New Delhi: Hiring activities in the country are likely to slow down from September onwards unless efforts are made on the policy front to tackle economic sluggishness, according to leading job portal

"Right now, there is a kind of caution creeping in (among companies) when it comes to hiring in India," Managing Director (India/Middle East/Southeast Asia) Sanjay Modi told media.

The Indian economy has been witnessing industrial slowdown and high inflationary pressures. Further, investors' apprehensions about certain policy measures are dampening overall corporate sentiment.

"I expect hiring activities in the country to slow down from September onwards, unless policies are rolled out that would help in tackling overall economic slowdown," Modi said.

It usually takes a few months before the broader slowdown effect is visible in hiring activities as companies would wait for sometime before changing their recruitment plans, he noted.

In June, the Monster Employment Index India -- a monthly gauge of hiring trends online -- had slipped to 128 compared to 129 in April.

The country's GDP growth dropped to a nine-year low of 5.3 percent in the first three months of 2012.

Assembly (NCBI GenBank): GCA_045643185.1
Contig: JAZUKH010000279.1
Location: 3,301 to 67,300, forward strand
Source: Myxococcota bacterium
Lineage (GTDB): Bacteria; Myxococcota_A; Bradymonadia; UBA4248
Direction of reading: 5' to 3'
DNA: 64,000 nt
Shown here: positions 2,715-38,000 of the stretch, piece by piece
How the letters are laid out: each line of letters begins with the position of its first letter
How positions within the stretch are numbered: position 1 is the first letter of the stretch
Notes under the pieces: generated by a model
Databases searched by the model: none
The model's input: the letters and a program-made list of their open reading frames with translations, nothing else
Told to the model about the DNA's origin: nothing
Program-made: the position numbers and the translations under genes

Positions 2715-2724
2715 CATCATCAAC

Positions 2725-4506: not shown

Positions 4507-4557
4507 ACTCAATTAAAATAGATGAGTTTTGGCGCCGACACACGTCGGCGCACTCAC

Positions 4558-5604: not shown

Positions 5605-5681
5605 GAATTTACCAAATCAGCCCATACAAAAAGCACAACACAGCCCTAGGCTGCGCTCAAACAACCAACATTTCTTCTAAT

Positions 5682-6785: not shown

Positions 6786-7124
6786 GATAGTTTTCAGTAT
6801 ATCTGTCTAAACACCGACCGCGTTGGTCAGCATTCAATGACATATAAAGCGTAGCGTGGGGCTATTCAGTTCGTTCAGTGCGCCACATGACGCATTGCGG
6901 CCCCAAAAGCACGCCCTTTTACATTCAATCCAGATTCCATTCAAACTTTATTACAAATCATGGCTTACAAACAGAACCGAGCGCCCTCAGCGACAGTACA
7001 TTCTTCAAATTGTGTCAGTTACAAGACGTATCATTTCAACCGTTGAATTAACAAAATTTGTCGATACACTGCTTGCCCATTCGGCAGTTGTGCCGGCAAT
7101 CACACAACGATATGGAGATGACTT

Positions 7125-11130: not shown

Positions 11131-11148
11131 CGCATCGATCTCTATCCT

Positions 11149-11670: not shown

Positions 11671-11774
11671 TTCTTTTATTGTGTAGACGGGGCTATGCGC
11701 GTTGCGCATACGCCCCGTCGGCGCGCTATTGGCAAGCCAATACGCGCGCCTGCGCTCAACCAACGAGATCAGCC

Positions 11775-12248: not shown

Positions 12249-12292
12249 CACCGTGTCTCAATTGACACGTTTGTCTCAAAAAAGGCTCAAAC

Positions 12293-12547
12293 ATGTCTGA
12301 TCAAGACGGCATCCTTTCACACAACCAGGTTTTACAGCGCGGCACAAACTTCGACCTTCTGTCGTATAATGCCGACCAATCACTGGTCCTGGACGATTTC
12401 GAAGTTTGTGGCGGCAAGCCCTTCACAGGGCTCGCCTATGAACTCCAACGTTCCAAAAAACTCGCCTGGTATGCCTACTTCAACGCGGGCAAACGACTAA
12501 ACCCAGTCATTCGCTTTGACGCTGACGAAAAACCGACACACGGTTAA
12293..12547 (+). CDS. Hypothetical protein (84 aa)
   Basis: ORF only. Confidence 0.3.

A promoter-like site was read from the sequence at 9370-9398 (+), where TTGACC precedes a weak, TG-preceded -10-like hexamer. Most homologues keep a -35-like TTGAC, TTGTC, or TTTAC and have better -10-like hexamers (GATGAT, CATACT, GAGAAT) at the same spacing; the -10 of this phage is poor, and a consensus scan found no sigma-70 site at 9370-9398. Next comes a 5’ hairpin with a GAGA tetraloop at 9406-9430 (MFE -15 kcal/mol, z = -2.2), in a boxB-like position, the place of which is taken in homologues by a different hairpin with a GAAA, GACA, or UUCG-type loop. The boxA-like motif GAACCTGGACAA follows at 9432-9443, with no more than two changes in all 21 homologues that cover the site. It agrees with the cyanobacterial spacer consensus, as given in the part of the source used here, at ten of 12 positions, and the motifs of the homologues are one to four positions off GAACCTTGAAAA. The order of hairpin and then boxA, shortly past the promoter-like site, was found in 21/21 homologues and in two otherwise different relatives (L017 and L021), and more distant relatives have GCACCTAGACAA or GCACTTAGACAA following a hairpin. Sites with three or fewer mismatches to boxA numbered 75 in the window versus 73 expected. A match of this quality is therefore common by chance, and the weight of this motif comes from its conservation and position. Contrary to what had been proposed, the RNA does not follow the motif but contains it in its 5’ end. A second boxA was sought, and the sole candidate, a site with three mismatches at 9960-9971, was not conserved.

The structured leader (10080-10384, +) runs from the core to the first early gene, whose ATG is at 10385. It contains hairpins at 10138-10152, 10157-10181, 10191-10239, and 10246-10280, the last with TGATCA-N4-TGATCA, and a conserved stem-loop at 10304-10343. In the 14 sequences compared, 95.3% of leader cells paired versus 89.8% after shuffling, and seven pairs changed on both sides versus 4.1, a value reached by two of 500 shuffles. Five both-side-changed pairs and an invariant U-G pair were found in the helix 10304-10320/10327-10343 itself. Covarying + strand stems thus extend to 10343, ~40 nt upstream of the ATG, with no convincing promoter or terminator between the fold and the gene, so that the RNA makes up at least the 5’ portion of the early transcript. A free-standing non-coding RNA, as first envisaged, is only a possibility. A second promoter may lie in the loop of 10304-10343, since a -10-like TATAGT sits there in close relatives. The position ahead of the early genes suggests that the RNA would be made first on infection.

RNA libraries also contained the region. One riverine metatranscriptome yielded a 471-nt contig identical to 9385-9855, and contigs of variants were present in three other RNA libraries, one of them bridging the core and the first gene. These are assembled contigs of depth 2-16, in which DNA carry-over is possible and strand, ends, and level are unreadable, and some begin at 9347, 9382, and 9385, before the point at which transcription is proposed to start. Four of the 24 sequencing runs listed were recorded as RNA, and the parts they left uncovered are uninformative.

Also, the index of industrial production (IIP) grew just 2.4 percent in May this year, way below 6.2 percent expansion in the year-ago period.

Further, price rise continues to be high. In May, the retail price-based inflation touched 10.36 percent.

Meanwhile, is working on various initiatives aimed at helping college students to improve their employability skills.

"We will launch the Testing and Assessing tool for college students next month. It would initially cover about 2,500 engineering and management institutions," Modi said.

The new tool would help students to assess their capabilities in terms of employability and focus would be on those in their final year of study, he added.

He pointed out that employability is a major challenge faced by students in the country. has already launched 'Monster College' initiative that aims to bring efficiency into campus recruitments.


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